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Misleading Cyclopædias (S218: 1872)

Editor Charles H. Smith's Note: A curious letter to the Editor printed on page 68 of the 28 November 1872 issue of Nature. To link directly to this page, connect with: http://people.wku.edu/charles.smith/wallace/S218.htm

     Can any of your readers inform me if there is such a thing as a good and honestly constructed cyclopædia--one that does not send you hunting for information from one volume to another, and refer you backwards and forwards to articles that do not exist?

     I have been repeatedly annoyed by this kind of will-o'-the-wisp, but have to-day met with such an outrageous example of it, that, although it involves some trouble, I feel it to be a duty to make a public exposure of it in your columns.

     Requiring some facts on unusual atmospheric refraction, I turned to "Refraction" in the "English Encyclopædia." This article referred me to "Mirage, Fata Morgana," &c., for information on this branch of the subject. Turning to "Mirage," I found not a word, but another reference to "Reflection and Refraction, Atmospheric, Extraordinary." Next I tried "Fata Morgana," again the same reference. Coming back to letter R, I found the article "Reflection and Refraction," but was here referred to "Light, Optics, Refraction, Refrangibility;" then to letter A, "Atmosphere, Atmospheric"--nothing on the subject. Letter E, "Extraordinary Refraction"--nothing but a reference back again to "Mirage!" "Light, Optics, and Refrangibility" contain nothing on the subject.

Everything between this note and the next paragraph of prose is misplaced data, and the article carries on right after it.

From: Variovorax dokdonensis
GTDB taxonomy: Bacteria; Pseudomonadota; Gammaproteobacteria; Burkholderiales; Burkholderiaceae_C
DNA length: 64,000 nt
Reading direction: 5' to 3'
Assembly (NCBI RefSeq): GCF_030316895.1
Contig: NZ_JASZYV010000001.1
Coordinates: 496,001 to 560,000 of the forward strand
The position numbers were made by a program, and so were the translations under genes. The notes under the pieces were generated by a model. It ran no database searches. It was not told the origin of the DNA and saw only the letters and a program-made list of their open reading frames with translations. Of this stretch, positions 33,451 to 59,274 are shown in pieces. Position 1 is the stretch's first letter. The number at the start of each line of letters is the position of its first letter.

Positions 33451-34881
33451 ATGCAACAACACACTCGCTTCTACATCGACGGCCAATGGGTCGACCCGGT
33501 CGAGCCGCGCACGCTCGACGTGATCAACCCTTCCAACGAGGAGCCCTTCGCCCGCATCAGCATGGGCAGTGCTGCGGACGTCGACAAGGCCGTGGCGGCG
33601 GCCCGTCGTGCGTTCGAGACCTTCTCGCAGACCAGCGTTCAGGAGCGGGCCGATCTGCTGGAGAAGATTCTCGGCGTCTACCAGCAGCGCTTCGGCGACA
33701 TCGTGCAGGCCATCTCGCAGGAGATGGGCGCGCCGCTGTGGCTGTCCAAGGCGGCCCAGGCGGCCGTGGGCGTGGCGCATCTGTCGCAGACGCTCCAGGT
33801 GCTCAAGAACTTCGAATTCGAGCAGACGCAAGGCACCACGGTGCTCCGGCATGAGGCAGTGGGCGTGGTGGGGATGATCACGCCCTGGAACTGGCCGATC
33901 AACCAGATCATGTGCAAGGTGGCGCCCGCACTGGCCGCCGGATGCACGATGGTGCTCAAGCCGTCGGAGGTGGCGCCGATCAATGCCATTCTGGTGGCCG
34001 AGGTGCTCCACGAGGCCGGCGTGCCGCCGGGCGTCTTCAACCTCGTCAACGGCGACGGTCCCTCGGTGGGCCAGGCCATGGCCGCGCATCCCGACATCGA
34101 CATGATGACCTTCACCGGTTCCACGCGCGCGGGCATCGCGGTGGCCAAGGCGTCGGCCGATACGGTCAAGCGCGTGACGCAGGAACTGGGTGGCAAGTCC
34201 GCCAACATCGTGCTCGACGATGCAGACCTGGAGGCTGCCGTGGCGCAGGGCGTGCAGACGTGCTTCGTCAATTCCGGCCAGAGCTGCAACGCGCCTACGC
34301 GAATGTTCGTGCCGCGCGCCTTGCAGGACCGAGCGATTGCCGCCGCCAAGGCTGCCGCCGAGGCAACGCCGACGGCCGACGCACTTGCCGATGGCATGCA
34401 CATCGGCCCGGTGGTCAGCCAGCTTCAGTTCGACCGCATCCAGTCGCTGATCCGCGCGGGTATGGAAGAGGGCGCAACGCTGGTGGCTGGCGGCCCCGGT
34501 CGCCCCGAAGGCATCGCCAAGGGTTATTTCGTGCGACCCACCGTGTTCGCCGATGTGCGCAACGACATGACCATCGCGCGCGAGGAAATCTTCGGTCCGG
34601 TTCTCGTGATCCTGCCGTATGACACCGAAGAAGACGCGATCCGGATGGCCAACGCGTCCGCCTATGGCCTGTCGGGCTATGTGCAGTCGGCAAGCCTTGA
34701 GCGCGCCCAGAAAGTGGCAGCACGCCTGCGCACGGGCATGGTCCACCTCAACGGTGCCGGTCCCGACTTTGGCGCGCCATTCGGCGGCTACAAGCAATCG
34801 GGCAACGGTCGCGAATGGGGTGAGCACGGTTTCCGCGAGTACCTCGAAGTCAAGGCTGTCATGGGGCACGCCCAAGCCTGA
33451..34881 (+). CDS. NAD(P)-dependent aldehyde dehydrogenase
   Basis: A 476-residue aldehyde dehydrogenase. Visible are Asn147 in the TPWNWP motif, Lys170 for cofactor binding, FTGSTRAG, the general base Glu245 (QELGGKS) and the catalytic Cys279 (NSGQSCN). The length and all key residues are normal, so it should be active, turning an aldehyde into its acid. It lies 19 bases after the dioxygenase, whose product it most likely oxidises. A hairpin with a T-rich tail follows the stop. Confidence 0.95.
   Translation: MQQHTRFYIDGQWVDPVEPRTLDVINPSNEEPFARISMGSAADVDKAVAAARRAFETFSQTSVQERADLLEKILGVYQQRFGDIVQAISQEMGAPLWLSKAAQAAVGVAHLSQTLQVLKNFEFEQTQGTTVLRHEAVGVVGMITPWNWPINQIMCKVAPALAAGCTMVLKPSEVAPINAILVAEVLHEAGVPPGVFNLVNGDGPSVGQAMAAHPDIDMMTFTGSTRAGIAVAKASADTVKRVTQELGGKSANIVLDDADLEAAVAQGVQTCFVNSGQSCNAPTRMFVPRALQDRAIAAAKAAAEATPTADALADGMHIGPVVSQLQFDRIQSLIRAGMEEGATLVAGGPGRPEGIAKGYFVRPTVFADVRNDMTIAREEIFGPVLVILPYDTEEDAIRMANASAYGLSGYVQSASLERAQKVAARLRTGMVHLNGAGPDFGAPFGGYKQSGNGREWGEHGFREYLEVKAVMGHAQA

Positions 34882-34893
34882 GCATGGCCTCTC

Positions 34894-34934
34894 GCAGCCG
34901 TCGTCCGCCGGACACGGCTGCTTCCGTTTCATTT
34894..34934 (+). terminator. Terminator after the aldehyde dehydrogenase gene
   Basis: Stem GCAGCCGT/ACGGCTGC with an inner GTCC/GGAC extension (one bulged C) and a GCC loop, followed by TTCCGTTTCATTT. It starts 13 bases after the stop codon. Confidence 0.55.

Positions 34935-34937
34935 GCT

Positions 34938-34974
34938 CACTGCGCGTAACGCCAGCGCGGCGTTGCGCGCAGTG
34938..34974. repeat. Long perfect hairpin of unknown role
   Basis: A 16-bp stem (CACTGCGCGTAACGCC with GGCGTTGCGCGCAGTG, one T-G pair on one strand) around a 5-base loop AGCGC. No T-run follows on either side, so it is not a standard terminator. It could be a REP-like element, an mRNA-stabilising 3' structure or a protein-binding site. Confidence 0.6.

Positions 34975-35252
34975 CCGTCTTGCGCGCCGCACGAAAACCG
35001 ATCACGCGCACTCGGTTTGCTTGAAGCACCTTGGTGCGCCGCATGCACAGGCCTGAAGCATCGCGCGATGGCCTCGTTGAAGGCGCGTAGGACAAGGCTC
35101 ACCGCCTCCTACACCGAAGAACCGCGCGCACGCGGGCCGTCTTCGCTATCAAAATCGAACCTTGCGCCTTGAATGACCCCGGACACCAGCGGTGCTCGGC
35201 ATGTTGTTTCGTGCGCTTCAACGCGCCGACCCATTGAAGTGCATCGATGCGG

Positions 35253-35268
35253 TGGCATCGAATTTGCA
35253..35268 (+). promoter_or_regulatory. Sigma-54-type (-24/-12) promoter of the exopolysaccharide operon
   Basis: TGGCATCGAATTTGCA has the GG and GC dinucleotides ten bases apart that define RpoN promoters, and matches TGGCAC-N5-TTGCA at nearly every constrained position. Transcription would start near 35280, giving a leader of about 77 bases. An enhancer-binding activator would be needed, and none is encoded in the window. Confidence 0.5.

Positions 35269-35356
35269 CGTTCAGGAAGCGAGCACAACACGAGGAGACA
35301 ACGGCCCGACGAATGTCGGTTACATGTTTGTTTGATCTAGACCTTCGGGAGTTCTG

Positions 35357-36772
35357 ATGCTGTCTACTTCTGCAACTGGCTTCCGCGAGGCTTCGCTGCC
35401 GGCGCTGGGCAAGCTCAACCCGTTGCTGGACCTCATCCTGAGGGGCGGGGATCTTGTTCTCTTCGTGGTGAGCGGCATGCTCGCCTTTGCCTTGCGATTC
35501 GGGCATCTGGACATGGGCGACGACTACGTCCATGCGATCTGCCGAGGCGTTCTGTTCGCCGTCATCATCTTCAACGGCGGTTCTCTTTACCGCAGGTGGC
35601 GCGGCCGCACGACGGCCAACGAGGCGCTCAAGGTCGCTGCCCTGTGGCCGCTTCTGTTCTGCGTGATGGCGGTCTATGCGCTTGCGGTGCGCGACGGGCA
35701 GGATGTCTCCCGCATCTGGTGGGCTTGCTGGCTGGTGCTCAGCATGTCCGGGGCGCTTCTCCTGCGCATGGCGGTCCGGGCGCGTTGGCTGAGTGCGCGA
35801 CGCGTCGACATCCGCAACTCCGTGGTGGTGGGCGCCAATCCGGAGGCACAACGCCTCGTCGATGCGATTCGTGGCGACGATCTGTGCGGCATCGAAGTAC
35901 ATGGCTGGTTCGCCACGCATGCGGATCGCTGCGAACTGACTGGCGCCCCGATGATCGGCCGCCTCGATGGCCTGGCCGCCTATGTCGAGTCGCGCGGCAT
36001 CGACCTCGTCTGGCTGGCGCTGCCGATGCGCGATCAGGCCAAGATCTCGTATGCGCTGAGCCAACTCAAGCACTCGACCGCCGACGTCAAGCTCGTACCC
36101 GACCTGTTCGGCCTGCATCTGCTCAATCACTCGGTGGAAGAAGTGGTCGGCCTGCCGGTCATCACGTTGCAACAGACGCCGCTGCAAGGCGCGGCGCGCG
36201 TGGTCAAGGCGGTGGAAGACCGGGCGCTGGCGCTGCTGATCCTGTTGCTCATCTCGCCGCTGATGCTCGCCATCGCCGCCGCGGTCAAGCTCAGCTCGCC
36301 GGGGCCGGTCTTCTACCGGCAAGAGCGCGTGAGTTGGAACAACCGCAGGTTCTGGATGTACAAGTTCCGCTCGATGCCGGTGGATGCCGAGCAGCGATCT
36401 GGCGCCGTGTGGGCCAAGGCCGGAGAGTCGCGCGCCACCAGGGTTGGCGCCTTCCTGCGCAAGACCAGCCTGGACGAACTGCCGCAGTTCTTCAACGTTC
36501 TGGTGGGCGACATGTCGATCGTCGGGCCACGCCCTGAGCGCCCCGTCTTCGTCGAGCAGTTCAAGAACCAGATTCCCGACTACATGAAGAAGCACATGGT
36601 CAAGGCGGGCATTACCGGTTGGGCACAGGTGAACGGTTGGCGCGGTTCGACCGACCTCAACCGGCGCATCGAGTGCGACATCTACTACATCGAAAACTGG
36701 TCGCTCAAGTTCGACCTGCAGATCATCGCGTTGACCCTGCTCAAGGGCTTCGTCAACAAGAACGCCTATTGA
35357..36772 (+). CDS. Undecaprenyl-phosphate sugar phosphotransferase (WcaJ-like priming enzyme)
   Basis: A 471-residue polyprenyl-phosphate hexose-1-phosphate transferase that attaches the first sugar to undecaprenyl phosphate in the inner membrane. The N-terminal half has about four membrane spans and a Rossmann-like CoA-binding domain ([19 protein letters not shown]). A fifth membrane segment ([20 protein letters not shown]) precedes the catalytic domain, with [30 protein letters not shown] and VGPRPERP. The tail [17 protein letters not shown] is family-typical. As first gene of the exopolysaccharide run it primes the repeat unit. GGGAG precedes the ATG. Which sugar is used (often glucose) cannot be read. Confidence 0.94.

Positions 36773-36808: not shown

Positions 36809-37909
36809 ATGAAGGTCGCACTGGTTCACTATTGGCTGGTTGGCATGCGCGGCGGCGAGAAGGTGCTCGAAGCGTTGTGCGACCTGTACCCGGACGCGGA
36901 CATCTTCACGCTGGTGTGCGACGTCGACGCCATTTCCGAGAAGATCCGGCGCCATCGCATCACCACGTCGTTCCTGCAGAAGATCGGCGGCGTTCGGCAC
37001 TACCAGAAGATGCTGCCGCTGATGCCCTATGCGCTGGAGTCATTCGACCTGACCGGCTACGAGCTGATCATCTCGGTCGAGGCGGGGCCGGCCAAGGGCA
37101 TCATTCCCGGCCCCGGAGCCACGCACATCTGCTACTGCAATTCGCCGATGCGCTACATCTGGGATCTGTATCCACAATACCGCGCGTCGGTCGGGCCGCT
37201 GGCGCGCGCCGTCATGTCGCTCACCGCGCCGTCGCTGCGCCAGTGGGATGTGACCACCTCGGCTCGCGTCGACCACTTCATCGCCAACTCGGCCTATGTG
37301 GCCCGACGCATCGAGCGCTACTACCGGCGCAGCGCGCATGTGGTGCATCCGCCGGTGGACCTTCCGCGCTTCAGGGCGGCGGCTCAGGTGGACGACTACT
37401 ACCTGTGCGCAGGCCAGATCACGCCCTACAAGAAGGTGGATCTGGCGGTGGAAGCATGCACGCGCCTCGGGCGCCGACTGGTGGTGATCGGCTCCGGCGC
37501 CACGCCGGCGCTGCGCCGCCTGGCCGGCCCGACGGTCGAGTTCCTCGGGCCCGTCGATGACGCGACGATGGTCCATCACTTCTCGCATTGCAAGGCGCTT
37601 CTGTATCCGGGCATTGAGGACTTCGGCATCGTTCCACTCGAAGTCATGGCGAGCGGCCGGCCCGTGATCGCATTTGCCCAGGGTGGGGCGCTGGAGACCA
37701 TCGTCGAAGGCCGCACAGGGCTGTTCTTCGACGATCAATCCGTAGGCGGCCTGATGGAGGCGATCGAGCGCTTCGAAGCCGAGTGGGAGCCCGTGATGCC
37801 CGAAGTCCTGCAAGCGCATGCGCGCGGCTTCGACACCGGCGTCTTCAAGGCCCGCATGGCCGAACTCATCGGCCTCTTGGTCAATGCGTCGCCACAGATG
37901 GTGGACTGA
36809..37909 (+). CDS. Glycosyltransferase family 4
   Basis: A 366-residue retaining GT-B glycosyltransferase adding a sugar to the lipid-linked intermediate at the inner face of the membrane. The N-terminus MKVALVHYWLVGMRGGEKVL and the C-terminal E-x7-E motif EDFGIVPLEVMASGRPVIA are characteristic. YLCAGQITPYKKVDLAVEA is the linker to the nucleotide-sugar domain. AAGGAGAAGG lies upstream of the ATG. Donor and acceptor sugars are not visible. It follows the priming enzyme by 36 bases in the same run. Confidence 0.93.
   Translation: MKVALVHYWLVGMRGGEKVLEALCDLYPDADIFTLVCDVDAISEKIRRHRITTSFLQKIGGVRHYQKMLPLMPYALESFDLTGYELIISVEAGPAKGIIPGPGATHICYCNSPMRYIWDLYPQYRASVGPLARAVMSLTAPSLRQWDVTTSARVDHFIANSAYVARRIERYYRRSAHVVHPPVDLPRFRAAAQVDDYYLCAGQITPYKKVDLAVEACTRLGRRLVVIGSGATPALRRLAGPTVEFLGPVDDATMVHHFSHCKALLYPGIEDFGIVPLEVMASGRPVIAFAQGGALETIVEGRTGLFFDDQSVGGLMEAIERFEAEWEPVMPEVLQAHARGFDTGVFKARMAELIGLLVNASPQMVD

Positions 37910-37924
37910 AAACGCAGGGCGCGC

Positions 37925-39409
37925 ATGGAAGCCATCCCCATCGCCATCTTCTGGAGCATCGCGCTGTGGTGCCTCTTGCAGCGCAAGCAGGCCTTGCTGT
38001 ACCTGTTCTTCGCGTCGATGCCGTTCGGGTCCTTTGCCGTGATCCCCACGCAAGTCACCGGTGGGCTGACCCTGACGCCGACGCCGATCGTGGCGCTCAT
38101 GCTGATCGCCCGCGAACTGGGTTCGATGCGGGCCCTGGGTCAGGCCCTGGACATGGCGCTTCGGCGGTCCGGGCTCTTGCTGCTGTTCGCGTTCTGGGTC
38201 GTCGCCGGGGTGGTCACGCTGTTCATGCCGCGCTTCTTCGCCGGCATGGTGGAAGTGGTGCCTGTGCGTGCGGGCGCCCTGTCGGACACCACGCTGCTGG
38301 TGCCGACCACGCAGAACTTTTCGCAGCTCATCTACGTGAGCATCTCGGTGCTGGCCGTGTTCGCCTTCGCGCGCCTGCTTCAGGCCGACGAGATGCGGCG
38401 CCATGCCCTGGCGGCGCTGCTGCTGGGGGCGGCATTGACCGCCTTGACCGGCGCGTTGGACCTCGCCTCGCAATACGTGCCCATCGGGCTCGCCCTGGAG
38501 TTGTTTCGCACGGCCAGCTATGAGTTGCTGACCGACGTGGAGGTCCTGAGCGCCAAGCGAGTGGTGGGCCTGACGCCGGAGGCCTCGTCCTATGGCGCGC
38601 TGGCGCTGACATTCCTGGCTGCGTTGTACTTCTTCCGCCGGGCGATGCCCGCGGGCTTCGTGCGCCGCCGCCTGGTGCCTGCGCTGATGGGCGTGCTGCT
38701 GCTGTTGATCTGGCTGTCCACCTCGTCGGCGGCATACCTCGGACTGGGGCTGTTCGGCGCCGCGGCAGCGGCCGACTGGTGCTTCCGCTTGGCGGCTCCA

I was thus sent on a search through five volumes of the work, and made to hunt out nine distinct headings for what does not exist; and what makes the matter worse is, that the writer of the article "Refraction," at the end of the work, must have known that it did not exist when he referred back to "Mirage, Fata Morgana," &c., which words have not a word of information appended to them.

     An alphabetical cyclopædia is so much the most convenient for reference, and might be such an invaluable addition to a library, that it is the more to be regretted that it should be brought into disrepute by the absence of all efficient editorial supervision.

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